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United States v. Stephen

United States District Court, N.D. Iowa, Cedar Rapids Division

April 16, 2018

UNITED STATES OF AMERICA, Plaintiff,
v.
GREGORY SCOTT STEPHEN, Defendant.

          ORDER

          LINDA R. READER JUDGE

         I. INTRODUCTION

         The matter before the court is Defendant Gregory Scott Stephen's “Request for Review and Revocation of the Magistrate's Pretrial Detention Order” (“Motion”) (docket no. 3).

         II. RELEVANT PROCEDURAL HISTORY

         On March 13, 2018, a Complaint (18-MJ-74-LRR docket no. 2) was filed against Defendant alleging that he knowingly transported child pornography in violation of 18 U.S.C. § 2252(a)(1).[1] See Complaint at 1. On March 13, 2018, Defendant appeared before United States Chief Magistrate Judge C.J. Williams for an initial appearance. See March 13, 2018 Minute Entry (18-MJ-74-LRR docket no. 8). On March 21, 2018, Defendant appeared before United States Magistrate Judge Kelly K.E. Mahoney for a detention hearing (“Hearing”). See March 21, 2018 Minute Entry (18-MJ-74-LRR docket no. 21). Defendant appeared in court with his attorneys, Mark Brown and Mark Meyer. Assistant United States Attorney Anthony Morfitt represented the government. At the Hearing, Judge Mahoney ordered Defendant detained, and she subsequently entered an order to that effect on March 22, 2018. See Order of Detention Pending Trial (18-MJ-74-LRR docket no. 22). On April 4, 2018, Defendant filed the Motion. On April 11, 2018, the government filed a Resistance (docket no. 8). On April 16, 2018, Defendant filed a Reply (docket no. 9). The matter is fully submitted and ready for decision.

         III. STANDARD OF REVIEW

         A motion for revocation of a detention order is governed by 18 U.S.C. § 3145(b), which provides:

If a person is ordered detained by a magistrate judge, or by a person other than a judge of a court having original jurisdiction over the offense and other than a Federal appellate court, the person may file, with the court having original jurisdiction over the offense, a motion for revocation or amendment of the order. The motion shall be determined promptly.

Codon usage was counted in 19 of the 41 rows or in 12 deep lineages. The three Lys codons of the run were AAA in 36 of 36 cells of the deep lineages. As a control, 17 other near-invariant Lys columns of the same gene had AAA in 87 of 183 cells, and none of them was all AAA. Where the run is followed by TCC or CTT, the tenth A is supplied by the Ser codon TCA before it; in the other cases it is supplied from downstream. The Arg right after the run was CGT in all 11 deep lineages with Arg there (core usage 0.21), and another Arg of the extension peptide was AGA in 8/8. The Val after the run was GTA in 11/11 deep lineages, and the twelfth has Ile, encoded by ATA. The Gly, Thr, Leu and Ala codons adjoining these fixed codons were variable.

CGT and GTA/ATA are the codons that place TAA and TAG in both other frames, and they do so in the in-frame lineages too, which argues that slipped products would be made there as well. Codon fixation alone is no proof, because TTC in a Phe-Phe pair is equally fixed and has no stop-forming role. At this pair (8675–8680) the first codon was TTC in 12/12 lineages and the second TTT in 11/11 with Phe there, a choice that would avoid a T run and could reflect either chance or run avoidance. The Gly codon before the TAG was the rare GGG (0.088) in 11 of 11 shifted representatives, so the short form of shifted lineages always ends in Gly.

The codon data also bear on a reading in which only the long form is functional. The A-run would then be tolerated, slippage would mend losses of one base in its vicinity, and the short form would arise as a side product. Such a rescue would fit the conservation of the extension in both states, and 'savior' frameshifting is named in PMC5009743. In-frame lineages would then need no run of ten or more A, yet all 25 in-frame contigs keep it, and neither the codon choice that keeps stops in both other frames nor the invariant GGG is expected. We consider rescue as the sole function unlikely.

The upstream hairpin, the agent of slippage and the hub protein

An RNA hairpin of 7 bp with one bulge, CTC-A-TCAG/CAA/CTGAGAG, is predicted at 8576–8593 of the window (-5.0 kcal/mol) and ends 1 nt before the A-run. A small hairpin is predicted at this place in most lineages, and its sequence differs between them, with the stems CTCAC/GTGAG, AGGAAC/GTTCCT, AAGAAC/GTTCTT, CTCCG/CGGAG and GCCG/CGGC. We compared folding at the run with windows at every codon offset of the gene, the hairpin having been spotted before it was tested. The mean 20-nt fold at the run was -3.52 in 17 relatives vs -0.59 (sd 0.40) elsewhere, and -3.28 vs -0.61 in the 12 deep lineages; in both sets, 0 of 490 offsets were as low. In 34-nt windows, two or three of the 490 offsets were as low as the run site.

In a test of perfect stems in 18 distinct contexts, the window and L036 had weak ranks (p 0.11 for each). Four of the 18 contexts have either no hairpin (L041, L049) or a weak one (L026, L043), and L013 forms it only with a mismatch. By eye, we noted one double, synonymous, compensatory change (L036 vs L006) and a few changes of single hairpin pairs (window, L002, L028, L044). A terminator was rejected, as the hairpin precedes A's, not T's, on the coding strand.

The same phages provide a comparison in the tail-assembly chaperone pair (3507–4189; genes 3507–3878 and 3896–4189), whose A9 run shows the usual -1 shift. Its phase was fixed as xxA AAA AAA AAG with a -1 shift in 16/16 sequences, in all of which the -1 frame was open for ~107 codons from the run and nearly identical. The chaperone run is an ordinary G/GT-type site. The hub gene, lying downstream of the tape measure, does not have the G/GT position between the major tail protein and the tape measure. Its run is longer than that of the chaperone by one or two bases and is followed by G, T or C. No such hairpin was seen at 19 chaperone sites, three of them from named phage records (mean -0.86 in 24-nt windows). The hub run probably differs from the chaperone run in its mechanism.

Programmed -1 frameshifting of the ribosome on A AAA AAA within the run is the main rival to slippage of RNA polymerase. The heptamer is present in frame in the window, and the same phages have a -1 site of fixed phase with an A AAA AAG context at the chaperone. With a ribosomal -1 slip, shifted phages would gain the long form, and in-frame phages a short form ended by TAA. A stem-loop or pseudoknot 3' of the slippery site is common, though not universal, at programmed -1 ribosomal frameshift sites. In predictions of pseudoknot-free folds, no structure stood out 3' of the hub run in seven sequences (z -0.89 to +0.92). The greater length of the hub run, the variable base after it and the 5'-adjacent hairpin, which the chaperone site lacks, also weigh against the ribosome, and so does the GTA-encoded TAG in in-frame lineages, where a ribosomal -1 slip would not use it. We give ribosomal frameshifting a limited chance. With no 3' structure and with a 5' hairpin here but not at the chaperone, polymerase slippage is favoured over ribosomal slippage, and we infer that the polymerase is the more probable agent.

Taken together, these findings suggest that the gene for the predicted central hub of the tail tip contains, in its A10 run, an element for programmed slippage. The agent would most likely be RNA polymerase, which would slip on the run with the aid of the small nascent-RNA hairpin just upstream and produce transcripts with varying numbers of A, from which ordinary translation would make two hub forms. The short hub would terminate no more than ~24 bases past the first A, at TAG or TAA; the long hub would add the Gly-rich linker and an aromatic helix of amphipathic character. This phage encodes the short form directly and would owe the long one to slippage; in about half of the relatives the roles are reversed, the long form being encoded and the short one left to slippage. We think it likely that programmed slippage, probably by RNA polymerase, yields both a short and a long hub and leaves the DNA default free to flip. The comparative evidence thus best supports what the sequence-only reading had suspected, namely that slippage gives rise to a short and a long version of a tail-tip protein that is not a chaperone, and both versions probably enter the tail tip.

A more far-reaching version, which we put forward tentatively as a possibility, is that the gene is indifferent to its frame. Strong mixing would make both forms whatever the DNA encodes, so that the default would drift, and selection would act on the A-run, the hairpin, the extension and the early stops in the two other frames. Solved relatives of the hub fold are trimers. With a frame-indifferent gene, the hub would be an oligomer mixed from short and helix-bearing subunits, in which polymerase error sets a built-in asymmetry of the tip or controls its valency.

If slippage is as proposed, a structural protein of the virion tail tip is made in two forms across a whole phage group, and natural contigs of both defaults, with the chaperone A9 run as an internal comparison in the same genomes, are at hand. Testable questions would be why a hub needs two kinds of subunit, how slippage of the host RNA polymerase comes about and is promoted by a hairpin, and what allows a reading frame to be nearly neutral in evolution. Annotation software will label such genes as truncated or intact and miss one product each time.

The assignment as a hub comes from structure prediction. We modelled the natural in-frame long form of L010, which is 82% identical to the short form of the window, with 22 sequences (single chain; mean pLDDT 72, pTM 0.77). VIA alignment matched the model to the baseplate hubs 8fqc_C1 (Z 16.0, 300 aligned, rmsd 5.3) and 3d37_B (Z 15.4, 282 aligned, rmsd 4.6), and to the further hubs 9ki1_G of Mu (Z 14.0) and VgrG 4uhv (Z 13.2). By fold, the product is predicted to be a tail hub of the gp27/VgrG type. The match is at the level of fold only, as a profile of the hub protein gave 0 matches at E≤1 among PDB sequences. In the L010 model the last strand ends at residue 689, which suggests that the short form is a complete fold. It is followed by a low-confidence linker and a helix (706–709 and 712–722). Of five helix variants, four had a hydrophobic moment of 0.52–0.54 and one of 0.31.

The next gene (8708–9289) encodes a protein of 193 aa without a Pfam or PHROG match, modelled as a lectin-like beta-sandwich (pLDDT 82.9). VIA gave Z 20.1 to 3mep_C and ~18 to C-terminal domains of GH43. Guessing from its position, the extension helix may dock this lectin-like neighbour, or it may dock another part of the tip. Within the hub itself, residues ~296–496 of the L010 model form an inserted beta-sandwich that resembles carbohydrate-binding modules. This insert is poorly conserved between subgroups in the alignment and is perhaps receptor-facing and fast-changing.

18 U.S.C. § 3145(b). The court reviews a § 3145(b) motion de novo. See United States v. Maull, 773 F.2d 1479, 1481 (8th Cir. 1985) (en banc). The court is required to detain defendants prior to trial if the court “finds that no condition or combination of conditions will reasonably assure the appearance of the [defendant] as required and the safety of any other person and the community.” 18 U.S.C. § 3142(e)(1). “The facts the [court] uses to support a finding . . . that no condition or combination of conditions will reasonably assure the safety of any other person and the community shall be supported by clear and convincing evidence.” Id. § 3142(f). In contrast, a finding “that no condition or set of conditions . . . will reasonably assure the defendant's appearance” must be supported by a preponderance of the evidence. United States v. Orta, 760 F.2d 887, 891 (8th Cir. 1985) (emphasis omitted).

         IV. ANALYSIS

         In the Motion, Defendant asserts that Judge Mahoney erred in finding that he poses a danger to the community. See Motion at 1-2. After conducting a de novo review of the record, including the Pretrial Services Report (18-MJ-74-LRR docket no. 12) and the transcript of the March 21, 2018 detention hearing (“Hearing Transcript”) (18-MJ-74-LRR docket no. 24), the court finds that Judge Mahoney's Order of Detention Pending Trial and her statements at the detention hearing accurately and thoroughly set forth the relevant facts and law. Additionally, for the reasons that follow, the court finds that detention is appropriate in this case.